Despite living 2,100 miles apart, Charlottesville artist Matthew P. Shelton and Trinidadian artist Nikolai M. Noel are close friends.
They met in Virginia Commonwealth University’s MFA program, where they studied painting and printmaking, and were interested in the influence of colonialism and its aftermath on the creation of human identity.
“We were both making work about where we came from and where we come from,” Shelton says. “Noel quoted Heraclitus, ‘Geography is destiny.’ We’re focused on how the place you come from informs the possibilities and outcomes and ways you see the world.”
Noel, who currently lives in Port of Spain, describes himself as a multiracial artist who enjoys working conceptually, mashing up drawing, printmaking, painting and sculpture as the object requires.
Shelton, who lives in Charlottesville, prefers using collage, bricolage and found objects. “I’m descended from a lot people, but [my Confederate ancestry] is one strain I’ve been in dialogue with,” he says. “Particularly because my middle name is after my great-great-great-grandfather, who, according to historical documents, was a Confederate soldier and slaveholder.”
Unlike some friends, these two dive directly into topics that would otherwise divide them, consciously examining their identities in a holistic context.
“If you’re privileged, then it’s coming at the expense of someone else,” Shelton says. “You’re a member of the oppressor group. It doesn’t matter if you’re conscious of it or not. You’re receiving the benefit.”
Their latest exhibition is “contested bodies,” now on display at Second Street Gallery. Through drawings, prints, text, sculpture, film, audio and other media, the artists examine how our present realities—especially our day-to-day observations, opportunities and feelings—are shaped by race, privilege and historical and contemporary oppression.
As an example of identity-as-experience, Noel points to his “Disaster Series.” “These are about how I receive images of police shootings of young black men in the United States when I’m in the Caribbean,” he says. “They were images on the screen, so these are screen-sized. The dread and torment and sadness of those images made me think of Goya’s ‘The Disasters of War,’ which are also around that size.”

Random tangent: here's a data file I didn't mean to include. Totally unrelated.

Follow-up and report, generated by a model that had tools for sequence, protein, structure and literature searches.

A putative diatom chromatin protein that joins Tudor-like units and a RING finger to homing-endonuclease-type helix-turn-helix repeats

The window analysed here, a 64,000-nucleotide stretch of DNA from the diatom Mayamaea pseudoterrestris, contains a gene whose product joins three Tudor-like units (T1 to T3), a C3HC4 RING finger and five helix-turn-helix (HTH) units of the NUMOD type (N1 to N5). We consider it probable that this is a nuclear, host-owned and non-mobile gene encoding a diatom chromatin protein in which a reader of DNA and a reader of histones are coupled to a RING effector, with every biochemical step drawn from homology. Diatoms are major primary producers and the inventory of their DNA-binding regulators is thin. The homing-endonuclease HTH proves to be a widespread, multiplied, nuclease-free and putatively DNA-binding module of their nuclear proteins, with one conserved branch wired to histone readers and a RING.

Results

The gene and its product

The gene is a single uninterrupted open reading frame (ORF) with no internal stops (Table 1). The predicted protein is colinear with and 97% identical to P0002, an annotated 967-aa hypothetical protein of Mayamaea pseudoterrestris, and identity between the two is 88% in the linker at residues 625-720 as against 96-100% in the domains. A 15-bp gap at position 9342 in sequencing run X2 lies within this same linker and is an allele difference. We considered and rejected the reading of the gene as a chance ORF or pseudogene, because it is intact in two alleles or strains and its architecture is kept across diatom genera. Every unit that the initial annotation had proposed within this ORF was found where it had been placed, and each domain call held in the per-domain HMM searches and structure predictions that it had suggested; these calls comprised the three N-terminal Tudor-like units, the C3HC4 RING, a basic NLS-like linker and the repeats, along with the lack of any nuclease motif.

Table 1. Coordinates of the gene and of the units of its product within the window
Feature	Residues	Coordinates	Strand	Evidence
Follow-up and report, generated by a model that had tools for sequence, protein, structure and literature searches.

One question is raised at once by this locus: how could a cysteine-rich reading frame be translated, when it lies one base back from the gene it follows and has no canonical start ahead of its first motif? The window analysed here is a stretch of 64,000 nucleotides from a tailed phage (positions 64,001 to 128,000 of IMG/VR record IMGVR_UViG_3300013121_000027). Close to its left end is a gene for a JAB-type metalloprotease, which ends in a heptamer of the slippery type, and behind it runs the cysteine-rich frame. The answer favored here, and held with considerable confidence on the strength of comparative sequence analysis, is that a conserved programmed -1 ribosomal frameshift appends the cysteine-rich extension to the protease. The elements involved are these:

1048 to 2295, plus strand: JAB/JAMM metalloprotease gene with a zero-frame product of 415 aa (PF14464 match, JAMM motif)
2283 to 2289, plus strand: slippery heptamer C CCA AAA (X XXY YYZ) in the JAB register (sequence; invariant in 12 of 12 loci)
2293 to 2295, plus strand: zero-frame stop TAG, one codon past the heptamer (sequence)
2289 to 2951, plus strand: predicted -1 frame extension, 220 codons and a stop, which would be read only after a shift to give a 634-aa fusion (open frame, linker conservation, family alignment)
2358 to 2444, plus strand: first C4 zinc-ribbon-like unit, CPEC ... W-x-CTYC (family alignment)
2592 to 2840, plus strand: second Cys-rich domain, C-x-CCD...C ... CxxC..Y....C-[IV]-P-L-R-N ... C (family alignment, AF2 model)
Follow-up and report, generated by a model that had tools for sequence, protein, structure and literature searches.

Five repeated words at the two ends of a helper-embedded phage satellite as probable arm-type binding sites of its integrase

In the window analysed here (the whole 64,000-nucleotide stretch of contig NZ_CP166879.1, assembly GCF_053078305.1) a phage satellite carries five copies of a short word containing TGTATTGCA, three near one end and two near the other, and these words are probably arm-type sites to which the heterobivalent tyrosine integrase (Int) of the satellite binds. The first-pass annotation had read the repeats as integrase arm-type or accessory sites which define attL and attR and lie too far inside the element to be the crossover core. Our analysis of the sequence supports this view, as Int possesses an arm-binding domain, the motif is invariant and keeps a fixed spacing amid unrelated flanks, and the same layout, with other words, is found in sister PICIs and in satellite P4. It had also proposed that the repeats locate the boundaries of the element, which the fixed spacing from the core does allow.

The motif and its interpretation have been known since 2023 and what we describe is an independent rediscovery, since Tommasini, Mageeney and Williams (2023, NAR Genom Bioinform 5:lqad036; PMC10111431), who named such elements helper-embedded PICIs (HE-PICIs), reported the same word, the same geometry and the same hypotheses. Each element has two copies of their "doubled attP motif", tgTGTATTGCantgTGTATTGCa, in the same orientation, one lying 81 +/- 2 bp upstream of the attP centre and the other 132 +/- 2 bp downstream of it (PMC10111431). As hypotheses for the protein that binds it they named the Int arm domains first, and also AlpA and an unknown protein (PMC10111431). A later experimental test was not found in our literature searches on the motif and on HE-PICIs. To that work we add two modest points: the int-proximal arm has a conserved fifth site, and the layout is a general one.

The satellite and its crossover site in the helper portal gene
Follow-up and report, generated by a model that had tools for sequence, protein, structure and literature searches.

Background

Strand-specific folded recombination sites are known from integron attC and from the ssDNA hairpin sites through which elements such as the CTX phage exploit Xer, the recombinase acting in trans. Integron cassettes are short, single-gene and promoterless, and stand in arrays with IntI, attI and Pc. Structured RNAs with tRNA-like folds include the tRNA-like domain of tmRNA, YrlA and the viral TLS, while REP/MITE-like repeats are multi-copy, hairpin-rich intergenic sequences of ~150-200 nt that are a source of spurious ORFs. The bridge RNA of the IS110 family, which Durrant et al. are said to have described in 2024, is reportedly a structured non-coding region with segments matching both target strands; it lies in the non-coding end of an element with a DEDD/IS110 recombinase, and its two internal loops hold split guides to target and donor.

Noel “co-opted the language of Goya’s prints” to create his black-on-black images, which he intentionally made difficult to see and photograph.
“This is part of the conversation that Matthew and I have been having for a long time on race and nationality, about what is visible and what is invisible,” says Noel. “Being a white male in America—”
“And straight and able-bodied,” Shelton adds.
“—Matthew is probably in the category of one of the most visible human beings,” Noel says. “Me, being a multi-ethnic person from the southern Caribbean, living on an island most people don’t know exists, I live in a more invisible, obscure context.”
Shelton and Noel use “contested bodies” to translate the distance between them into an experience. Some subjects are easy to grasp. Smudged illustrations of palm trees; a massive black-on-black painting of Trayvon Martin’s sweatshirt. Others are difficult—a net made of chain, padlocks and steel hangs from the ceiling. A projector streams video of blood being drawn from both men and collected in two separate jars.
Curiosity, reflection and thoughtful conversation—the tools required to decipher “contested bodies”—is one treatment for what Shelton calls the “specific historical amnesia” of the American South.
“There’s a superficial memory about slavery and Jim Crowe and Civil Rights, but there’s not a personal memory that’s being cultivated,” he says.
Noel and Shelton say the purpose of their collaboration is “to bind our fates, further forge our friendship, to ward off depression and perhaps to inoculate ourselves from the fruits of the seemingly inexorable state of apartness characteristic of life today: anxiety, dread, exploitation, alienation from self and other, shame, lost futures.”
It is not, Shelton says, about racial reconciliation. “While that’s a project that is important in the world, we’re more focused on taking the temperature of what this moment feels like.”
“We talk a lot about justice,” Noel says, “and our sense of despair comes from understanding that in order to make things right and equitable, there is the whole weight of history to deal with. “
So how do these two men communicate clearly through the weight of despair?
“It’s a willingness to listen. The person might be saying something that’s difficult to hear, but once you express a willingness to listen, the other person has a willingness to be honest,” Noel says.
“Does listening come first or does trust come first? I would say that the onus is on white people to come to the table and listen,” Shelton says. “Stepping in and caring about these things—for me, it’s optional, but it has to become not optional.”
“contested bodies” challenges viewers to practice grappling with indistinct concepts. To challenge the assumption that powerful truths can be easily consumed and to experience the worthiness of people, ideas, emotions and experiences that are, at first glance, clouded by obscurity.
“Sometimes you have a map, and sometimes you’re dropped in the middle of nowhere,” Shelton says. “It’s like where you get born. Why did I get born where I was and to whom I was? Our collaboration is just having two people have that conversation, that expression of bewilderment, together at the same time.”